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A327978 Numbers whose arithmetic derivative (A003415) is a primorial number (A002110) > 1. 9
9, 161, 209, 221, 2189, 2561, 3281, 3629, 5249, 5549, 6401, 7181, 7661, 8321, 8909, 9089, 9869, 10001, 10349, 10541, 10961, 11009, 11021, 29861, 38981, 52601, 66149, 84101, 93029, 97481, 132809, 150281, 158969, 163301, 197669, 214661, 227321, 235721, 285449, 321989, 338021, 357881, 369701, 381449, 385349, 416261, 420089, 442889 (list; graph; refs; listen; history; text; internal format)
OFFSET

1,1

COMMENTS

Numbers n such that A327859(n) = A276086(A003415(n)) is an odd prime.

Composite terms in A328232.

Although it first might seem that the numbers whose arithmetic derivative is A002110(k) all appear before any of those whose arithmetic derivative is A002110(k+1), that is not true, as for example, we have a(56) = 570149, and A003415(570149) = 2310, a(57) = 570209, and A003415(570209) = 30030, but then a(58) = 573641 with A003415(573641) = 2310 again.

Because this is a subsequence of A327862 (all primorials > 1 are of the form 4k+2), only odd numbers are present.

Conjecture: No multiples of 5 occur in this sequence, and no multiples of 3 after the initial 9.

Of the first 10000 terms, all others are semiprimes (with 9 the only square one), except 1547371 = 7^2 * 23 * 1373 and 79332523 = 17^2 * 277 * 991, the latter being the only known term whose decimal expansion ends with 3. If all solutions were semiprimes p*q such that p+q = A002110(k) for some k > 1 (see A002375), it would be a sufficient reason for the above conjecture to hold. - David A. Corneth and Antti Karttunen, Oct 11 2019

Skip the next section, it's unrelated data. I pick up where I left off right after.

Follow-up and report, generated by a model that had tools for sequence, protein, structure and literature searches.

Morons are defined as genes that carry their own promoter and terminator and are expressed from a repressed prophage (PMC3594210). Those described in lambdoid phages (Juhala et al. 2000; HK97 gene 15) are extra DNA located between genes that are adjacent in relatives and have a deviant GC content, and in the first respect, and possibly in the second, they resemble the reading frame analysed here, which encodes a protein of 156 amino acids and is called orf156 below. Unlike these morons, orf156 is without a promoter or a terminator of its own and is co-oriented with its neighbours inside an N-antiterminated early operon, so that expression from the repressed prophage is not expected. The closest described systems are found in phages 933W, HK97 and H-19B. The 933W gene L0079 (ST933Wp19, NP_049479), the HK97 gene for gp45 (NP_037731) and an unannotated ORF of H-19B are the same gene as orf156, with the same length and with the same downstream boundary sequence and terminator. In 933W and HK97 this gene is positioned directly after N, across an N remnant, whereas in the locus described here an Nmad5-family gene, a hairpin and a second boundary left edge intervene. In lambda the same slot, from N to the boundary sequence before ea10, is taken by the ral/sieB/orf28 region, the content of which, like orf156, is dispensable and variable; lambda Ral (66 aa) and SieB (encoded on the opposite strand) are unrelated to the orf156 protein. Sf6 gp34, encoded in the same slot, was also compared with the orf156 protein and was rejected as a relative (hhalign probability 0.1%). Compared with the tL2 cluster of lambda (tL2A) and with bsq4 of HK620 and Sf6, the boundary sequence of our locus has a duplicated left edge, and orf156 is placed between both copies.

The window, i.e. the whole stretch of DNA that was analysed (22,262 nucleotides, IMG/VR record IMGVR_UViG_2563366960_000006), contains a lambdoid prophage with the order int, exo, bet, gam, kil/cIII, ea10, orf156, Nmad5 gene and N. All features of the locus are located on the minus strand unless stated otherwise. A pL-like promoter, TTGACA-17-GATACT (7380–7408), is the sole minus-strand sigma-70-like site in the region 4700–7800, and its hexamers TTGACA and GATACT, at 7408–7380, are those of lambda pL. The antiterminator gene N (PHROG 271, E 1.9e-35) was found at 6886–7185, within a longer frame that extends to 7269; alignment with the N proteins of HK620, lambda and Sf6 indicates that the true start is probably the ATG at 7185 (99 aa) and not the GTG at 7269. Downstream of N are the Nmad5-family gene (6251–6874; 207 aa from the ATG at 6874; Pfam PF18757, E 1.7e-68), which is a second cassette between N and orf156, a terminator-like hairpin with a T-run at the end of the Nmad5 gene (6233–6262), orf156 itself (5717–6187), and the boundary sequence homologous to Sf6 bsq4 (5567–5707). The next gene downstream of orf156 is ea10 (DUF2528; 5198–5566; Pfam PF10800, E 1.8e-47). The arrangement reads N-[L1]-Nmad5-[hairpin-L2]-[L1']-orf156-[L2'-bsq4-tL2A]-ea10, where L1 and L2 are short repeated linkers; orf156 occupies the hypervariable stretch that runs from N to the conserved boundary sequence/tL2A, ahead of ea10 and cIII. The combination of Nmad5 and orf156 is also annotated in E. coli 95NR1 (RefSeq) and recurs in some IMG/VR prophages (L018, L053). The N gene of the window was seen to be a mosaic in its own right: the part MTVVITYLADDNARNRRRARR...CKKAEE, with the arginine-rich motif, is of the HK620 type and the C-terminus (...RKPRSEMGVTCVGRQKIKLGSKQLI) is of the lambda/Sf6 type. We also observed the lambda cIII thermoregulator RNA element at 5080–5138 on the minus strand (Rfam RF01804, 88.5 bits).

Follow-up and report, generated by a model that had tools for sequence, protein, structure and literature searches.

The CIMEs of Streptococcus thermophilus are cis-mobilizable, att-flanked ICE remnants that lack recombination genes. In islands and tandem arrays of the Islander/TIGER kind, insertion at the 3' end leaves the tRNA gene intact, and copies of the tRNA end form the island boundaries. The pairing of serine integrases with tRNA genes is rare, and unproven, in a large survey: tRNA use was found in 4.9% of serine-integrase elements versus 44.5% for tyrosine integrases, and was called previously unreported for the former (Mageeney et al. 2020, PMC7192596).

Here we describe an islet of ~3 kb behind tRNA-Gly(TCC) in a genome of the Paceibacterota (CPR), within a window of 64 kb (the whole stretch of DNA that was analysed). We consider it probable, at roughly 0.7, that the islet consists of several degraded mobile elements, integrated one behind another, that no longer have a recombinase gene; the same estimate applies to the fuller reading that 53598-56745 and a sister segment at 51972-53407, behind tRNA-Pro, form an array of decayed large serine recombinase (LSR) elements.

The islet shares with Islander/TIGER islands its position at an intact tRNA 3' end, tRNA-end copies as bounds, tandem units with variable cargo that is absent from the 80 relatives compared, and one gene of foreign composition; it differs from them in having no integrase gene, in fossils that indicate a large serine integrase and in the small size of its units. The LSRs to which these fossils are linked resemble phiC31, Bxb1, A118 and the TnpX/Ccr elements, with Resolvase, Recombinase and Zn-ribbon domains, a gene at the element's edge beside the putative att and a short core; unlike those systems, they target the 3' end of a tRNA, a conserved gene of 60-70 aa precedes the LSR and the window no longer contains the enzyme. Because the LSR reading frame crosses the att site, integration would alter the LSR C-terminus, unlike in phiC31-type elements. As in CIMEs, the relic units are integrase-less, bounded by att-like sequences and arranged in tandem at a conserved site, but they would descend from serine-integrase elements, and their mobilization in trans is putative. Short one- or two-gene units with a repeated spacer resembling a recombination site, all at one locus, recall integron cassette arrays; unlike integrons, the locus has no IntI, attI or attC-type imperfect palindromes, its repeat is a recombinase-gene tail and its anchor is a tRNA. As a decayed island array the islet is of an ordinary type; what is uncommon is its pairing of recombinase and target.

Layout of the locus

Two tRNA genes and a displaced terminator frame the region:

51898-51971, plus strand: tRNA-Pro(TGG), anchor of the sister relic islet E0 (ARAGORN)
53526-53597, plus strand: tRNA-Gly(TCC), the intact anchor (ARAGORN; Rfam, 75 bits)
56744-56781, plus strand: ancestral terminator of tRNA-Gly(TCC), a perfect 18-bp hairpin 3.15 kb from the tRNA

In any case, the solutions have to be of the form "odd numbers with an even number of prime factors with multiplicity" (see A235992), and terms must also be cubefree (A004709), as otherwise the arithmetic derivative would not be squarefree.

LINKS

Giovanni Resta, Table of n, a(n) for n = 1..10000 (first 1078 terms from Antti Karttunen)

Victor Ufnarovski and Bo Ã…hlander, How to Differentiate a Number, J. Integer Seqs., Vol. 6, 2003, #03.3.4.

Index entries for sequences related to Goldbach conjecture

Index entries for sequences related to primorial numbers

FORMULA

A327969(a(n)) = 4 for all n.

MATHEMATICA

ad[n_] := n * Total @ (Last[#]/First[#] & /@ FactorInteger[n]); primQ[n_] := Max[(f = FactorInteger[n])[[;; , 2]]] == 1 && PrimePi[f[[-1, 1]]] == Length[f]; Select[Range[10^4], primQ[ad[#]] &] (* Amiram Eldar, Oct 11 2019 *)

PROG

(PARI)

A002620(n) = ((n^2)>>2);

A003415(n) = if(n<=1, 0, my(f=factor(n)); n*sum(i=1, #f~, f[i, 2]/f[i, 1]));

A276150(n) = { my(s=0, p=2, d); while(n, d = (n%p); s += d; n = (n-d)/p; p = nextprime(1+p)); (s); };

isA327978flat(n) = { my(u=A003415(n)); ((u>1)&&(1==A276150(u))); }; \\ Slow!

k=0; for(n=1, A002620(30030), if(isA327978flat(n), k++; write("b327978.txt", k, " ", n)));

CROSSREFS

Cf. A002110, A002375, A002620, A003415, A024451, A143293, A157037, A276150, A327859, A327969, A328233, A328243.

Subsequence of following sequences: A004709, A189553, A327862, A328232, A328234.

Sequence in context: A309472 A060348 A217392 * A062232 A020523 A023039

Adjacent sequences:  A327975 A327976 A327977 * A327979 A327980 A327981

KEYWORD

nonn

AUTHOR

Antti Karttunen, Oct 09 2019

STATUS

approved

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Last modified June 5 18:48 EDT 2020. Contains 334854 sequences. (Running on oeis4.)